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Created in the late 1960s, fashionable in the early 1970s and hated in the 1980s Progressive Rock has a colourful and eventful story. Many of the genres main protagonists, including Genesis, Yes, King Crimson and Emerson, Lake & Palmer, remain as popular as ever, while lesser-known names like Camel, Caravan, Renaissance, Van der Graaf Generator and Gentle Giant retain cult status.

Prog expert Stephen Lambe guides the reader through the early years as the music developed out of the British Progressive Music boom of the late 1960s into its own genre, and reached full maturity in the early 1970s. He also discusses how the music was received and developed outside the UK, particularly in the USA, Italy and the Scandinavian countries.

Received wisdom has it that punk swept Progressive Rock away in the late 1970s, yet the genre never died. An early 1980s revival, spearheaded by major label signings Marillion, IQ and Pallas, burned brightly but fell away sharply later in the decade. However, in the early 1990s, the movement began to re-establish itself, largely below the radar, led by Swedish band The Flower Kings and American group Spocks Beard.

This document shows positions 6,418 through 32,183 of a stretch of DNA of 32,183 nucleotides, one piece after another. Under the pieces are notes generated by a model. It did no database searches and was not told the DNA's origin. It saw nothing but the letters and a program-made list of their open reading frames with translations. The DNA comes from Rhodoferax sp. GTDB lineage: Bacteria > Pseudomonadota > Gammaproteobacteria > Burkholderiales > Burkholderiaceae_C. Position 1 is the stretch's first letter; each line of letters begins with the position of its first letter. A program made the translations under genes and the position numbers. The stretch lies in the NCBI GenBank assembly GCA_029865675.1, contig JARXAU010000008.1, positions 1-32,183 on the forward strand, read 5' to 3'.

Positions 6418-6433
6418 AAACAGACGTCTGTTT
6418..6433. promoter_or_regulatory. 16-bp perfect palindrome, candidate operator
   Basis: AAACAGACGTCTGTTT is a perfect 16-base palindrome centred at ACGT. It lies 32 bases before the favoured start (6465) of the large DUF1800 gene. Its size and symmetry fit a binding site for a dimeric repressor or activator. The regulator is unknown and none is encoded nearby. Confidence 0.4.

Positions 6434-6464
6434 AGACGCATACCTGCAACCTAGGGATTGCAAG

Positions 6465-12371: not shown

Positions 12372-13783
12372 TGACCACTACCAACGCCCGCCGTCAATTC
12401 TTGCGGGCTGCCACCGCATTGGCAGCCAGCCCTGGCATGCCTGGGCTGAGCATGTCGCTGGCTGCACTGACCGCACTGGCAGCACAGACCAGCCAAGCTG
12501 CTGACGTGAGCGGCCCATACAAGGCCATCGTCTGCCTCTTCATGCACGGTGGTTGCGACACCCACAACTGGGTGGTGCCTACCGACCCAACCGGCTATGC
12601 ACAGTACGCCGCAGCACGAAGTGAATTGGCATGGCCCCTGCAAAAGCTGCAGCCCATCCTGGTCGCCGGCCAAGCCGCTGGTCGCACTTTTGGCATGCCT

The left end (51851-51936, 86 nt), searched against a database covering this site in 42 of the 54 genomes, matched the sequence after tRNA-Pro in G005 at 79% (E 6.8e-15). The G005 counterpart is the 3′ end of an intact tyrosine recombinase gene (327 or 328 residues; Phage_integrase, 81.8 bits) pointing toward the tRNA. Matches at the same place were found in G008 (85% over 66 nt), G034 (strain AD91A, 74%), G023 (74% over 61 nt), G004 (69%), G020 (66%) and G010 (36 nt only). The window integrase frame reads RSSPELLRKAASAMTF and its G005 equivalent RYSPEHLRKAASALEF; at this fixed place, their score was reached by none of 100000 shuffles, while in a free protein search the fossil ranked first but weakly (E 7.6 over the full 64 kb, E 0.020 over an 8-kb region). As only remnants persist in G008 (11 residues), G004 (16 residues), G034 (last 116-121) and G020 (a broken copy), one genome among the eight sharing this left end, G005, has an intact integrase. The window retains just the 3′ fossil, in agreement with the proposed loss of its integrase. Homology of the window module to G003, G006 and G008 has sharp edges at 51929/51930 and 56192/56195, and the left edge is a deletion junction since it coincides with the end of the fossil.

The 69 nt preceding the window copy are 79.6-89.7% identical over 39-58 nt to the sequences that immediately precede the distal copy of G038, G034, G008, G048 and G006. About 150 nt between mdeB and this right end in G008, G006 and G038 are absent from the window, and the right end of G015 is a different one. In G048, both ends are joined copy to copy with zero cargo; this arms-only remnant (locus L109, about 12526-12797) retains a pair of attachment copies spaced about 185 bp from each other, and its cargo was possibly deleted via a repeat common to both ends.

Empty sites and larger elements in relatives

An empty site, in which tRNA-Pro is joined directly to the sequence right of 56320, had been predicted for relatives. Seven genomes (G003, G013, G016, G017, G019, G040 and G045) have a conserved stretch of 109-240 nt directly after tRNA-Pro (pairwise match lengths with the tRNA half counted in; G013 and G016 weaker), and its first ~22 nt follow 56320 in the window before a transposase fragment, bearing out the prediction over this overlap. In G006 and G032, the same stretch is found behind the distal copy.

The rise of the internet and the decline of the worldwide pop industry niche music as Progressive Rock had now become to flourish once again in the new millennium.

Includes black and white and colour illustrations.

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Citizens of Hope and Glory: A Story of Progressive Rock
Average rating
5 / 5
Great History of Prog Rock
July 4th, 2015
I chose to read this book as its title is part of a Genesis lyric from Selling England by the Pound. I rediscovered old favourites from my teenage years, music lost to me for due to bringing up a family and found many new bands to listen. As the book recommended certain albums, I would listen to the music to remind me, educate me and rediscover why I loved this genre of music.
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